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The U.S. Rafting Team was about 4 minutes off pace to beat a speed record for running Grand Canyon when it passed under Black Suspension Bridge near Phantom Ranch on Jan. 10, 2020, about 88 miles into the 277-mile course. About 50 people gathered on the bridge to cheer on the team. (Photo provided by Deirdre O'Connell)

Thirty seconds grew to a minute, to five minutes, to half an hour.

As the miles and minutes passed, the crew on the customized cataraft was feeling strong and pulling hard on their oars, but their pace slipping. 

“We just didn’t have enough water,” said John Mark Seelig, whose Colorado-based U.S. Rafting Team was joined by three veteran Colorado River guides on Friday and Saturday in a speed-record attempt to descend 277 miles through the Grand Canyon.

As the river dipped to 10,000 cubic feet per second (cfs) and the crew outraced a pulse of water released from the Glen Canyon Dam upstream, the record slipped away. 

They finished in 37 hours, 55 minutes, missing the 34-hour, 2-minute record set by kayaker Ben Orkin in 2016. 

The U.S. Rafting Team prepares to launch onto the Colorado River at Loma last month as they test a new raft design for a January mission to set a speed record for descending 277 miles through the Grand Canyon. (Robbie Prechtl, Special to The Colorado Sun)

“We were pretty close at the beginning and it just kept bumping up. We were on the backside of that water release and we couldn’t reach the next day’s release quick enough,” Seelig said late Saturday as he drove one of his teammates to a doctor in Flagstaff, Arizona, to check on some potentially frostbitten toes. 

The team of eight arrived at Phantom Ranch, at mile 88, at 11 a.m. on Friday, about 11 hours after they pushed into the Colorado River from Lees Ferry. That was only four minutes off their pace to reach the Pearce Ferry takeout around 10:20 a.m. Saturday. But that was also the peak of the surge released from Glen Canyon Dam. Holding close to a 5 mph rowing speed, the water slowed down with each mile. By midnight, the river had dropped from a daily high of close to 14,500 cfs to around 10,500 cfs

In January 2017, the team’s craft broke in the middle of the daunting Lava Falls, the final big rapid of the 277-mile descent. They spent four precious hours repairing the damage and limped the final 100 miles of flat water, finishing in 39 hours and 24 minutes. But back then, the river was rolling at more than 20,000 cfs.

“It’s amazing, but that extra 8,000 to 10,000 cfs really makes a big difference,” Seelig said.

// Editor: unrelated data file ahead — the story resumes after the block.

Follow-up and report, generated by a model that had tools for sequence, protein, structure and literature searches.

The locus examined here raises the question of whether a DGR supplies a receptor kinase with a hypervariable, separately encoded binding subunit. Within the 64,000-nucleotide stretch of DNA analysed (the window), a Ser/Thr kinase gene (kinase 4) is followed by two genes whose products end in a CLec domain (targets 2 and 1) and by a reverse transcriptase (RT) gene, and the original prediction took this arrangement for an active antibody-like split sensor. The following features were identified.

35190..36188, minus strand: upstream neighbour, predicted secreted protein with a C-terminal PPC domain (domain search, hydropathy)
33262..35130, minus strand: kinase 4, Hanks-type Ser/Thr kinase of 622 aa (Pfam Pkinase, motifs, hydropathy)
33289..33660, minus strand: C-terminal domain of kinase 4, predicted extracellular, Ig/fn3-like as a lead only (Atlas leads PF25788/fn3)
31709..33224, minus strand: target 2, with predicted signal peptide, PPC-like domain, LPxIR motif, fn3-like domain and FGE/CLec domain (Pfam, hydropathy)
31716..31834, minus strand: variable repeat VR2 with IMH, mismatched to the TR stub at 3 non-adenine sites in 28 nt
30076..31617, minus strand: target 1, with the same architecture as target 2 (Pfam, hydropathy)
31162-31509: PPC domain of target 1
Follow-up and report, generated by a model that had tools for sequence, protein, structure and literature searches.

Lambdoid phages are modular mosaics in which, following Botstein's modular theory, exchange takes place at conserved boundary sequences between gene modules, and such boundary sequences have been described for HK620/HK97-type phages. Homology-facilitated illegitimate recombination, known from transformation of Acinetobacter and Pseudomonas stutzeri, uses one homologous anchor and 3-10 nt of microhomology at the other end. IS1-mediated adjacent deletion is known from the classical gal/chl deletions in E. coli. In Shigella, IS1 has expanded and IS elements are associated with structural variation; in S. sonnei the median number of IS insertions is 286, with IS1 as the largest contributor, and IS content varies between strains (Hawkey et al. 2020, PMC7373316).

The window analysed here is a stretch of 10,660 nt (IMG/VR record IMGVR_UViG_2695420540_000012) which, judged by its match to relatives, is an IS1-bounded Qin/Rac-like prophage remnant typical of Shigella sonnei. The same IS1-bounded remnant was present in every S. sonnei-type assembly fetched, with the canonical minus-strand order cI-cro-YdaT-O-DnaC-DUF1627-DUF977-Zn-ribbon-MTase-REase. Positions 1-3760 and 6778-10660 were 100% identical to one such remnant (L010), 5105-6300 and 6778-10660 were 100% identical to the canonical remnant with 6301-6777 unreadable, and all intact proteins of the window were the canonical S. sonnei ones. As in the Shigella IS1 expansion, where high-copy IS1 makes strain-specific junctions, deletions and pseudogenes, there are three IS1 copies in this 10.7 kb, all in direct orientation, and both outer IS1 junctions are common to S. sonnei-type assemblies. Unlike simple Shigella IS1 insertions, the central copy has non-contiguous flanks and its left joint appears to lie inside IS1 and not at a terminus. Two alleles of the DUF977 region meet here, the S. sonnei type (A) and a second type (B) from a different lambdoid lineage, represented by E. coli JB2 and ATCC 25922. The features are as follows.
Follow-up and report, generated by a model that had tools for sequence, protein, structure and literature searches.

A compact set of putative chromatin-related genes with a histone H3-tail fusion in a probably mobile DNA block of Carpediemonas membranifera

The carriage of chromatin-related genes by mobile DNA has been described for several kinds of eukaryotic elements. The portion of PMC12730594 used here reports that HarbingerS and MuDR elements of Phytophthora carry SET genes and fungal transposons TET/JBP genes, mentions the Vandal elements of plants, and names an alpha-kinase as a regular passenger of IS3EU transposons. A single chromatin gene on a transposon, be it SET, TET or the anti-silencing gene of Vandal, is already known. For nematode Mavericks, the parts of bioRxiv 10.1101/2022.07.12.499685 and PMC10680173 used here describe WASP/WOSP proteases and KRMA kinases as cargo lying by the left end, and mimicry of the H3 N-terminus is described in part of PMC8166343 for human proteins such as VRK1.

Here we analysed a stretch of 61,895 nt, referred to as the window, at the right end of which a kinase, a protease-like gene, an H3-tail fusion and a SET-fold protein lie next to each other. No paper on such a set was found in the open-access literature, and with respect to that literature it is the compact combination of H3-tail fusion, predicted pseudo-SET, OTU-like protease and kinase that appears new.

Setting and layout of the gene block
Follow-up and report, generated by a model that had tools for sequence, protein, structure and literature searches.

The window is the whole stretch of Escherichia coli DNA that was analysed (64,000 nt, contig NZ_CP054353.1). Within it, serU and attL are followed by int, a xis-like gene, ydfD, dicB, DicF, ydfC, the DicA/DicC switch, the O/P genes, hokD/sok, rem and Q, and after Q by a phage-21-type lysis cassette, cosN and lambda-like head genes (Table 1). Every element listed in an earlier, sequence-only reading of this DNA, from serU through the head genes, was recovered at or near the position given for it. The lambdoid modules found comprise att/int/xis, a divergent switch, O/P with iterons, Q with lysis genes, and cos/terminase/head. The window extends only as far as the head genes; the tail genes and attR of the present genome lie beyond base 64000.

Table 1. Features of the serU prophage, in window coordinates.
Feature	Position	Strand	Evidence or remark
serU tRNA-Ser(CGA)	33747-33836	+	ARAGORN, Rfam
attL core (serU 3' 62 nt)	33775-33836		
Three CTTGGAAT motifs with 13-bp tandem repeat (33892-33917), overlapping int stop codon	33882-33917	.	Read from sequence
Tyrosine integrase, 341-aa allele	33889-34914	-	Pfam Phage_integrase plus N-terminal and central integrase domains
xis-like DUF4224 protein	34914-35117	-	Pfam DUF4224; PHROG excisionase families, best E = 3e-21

Private outfitters on the river had told their clients about the record attempt, so each campsite the team passed throughout the canyon had a cheering squad. Several dozen people had hiked down to Phantom Ranch to cheer the team as it rowed beneath the Black Bridge, one of only two spans that cross the river for hundreds of miles.

“They were cheering us on and having a huge party. It was so awesome,” said Seelig, whose team partnered with Grand Canyon Youth to raise $10,700 for the group that provides river education to youth in the southwest. “The support from the Grand Canyon community was fantastic.”

Speed records have a long history in the Grand Canyon, dating back to 14-day descents in the late 1800s on log rafts captained by adventurers who likely weren’t racing but simply rowing. In 1951 Grand Junction brothers Bob and Jim Rigg set out to purposely set the speed record. They pushed their wooden row boat into the river at Lees Ferry when the river was roaring at 43,100 cfs and finished in 52 hours and 41 minutes. That record stood until 1983, when Kenton Grua, Rudi Petschek and Steve Reynolds caught another flood-stage flow and rowed their wooden dory, the “Emerald Mile,” down the canyon in 36 hours, 38 minutes. 

In January 2016, Orkin, an accountant in Aurora, paddled his carbon-fiber race kayak solo down the canyon, finishing in 34 hours and 2 minutes. That record was even more remarkable considering he flipped in Lava Falls and swam from his kayak, alone and at night. 

The team this weekend had a clean run with zero mishaps. 

“We got our revenge on Lava. The boat was fantastic. Everything and everyone held up perfectly. We ran the lines we wanted,” Seelig said. “The water just wasn’t there for us.” 

Orkin was paddling a narrow, sleek craft that sliced through water. The Emerald Mile was a wooden dory meant to cut through the river. The raft carrying eight — even with a pair of narrow pontoons beneath a lightweight frame — pushes water out of its way. It might not be possible for a raft to set a speed record in the Grand Canyon. 

“I don’t think so. But we were talking about it and we are just in awe at what Ben did. His record is fantastic,” Seelig said. 

Maybe if the team could row during a period when the flows are higher they could find their record. But permits to paddle the Grand Canyon are exceptionally hard to secure, except in the teeth of winter, when flows are at their lowest. 

Not that the team is talking about a third attempt. 

“OK, if someone was like ‘Hey, I have a permit on this date and it’s going to be this flow’ and we have a crew that is training — that’s a lot of variables — maybe who knows,” Seelig said. “But right now, I’m like ‘No way. Never again.’”

Jason Blevins lives in Eagle with his wife, daughters and a dog named Gravy. Topic expertise: Western Slope, public lands, outdoors, ski industry, mountain business, housing, interesting things Location: Eagle, CO Newsletter: The...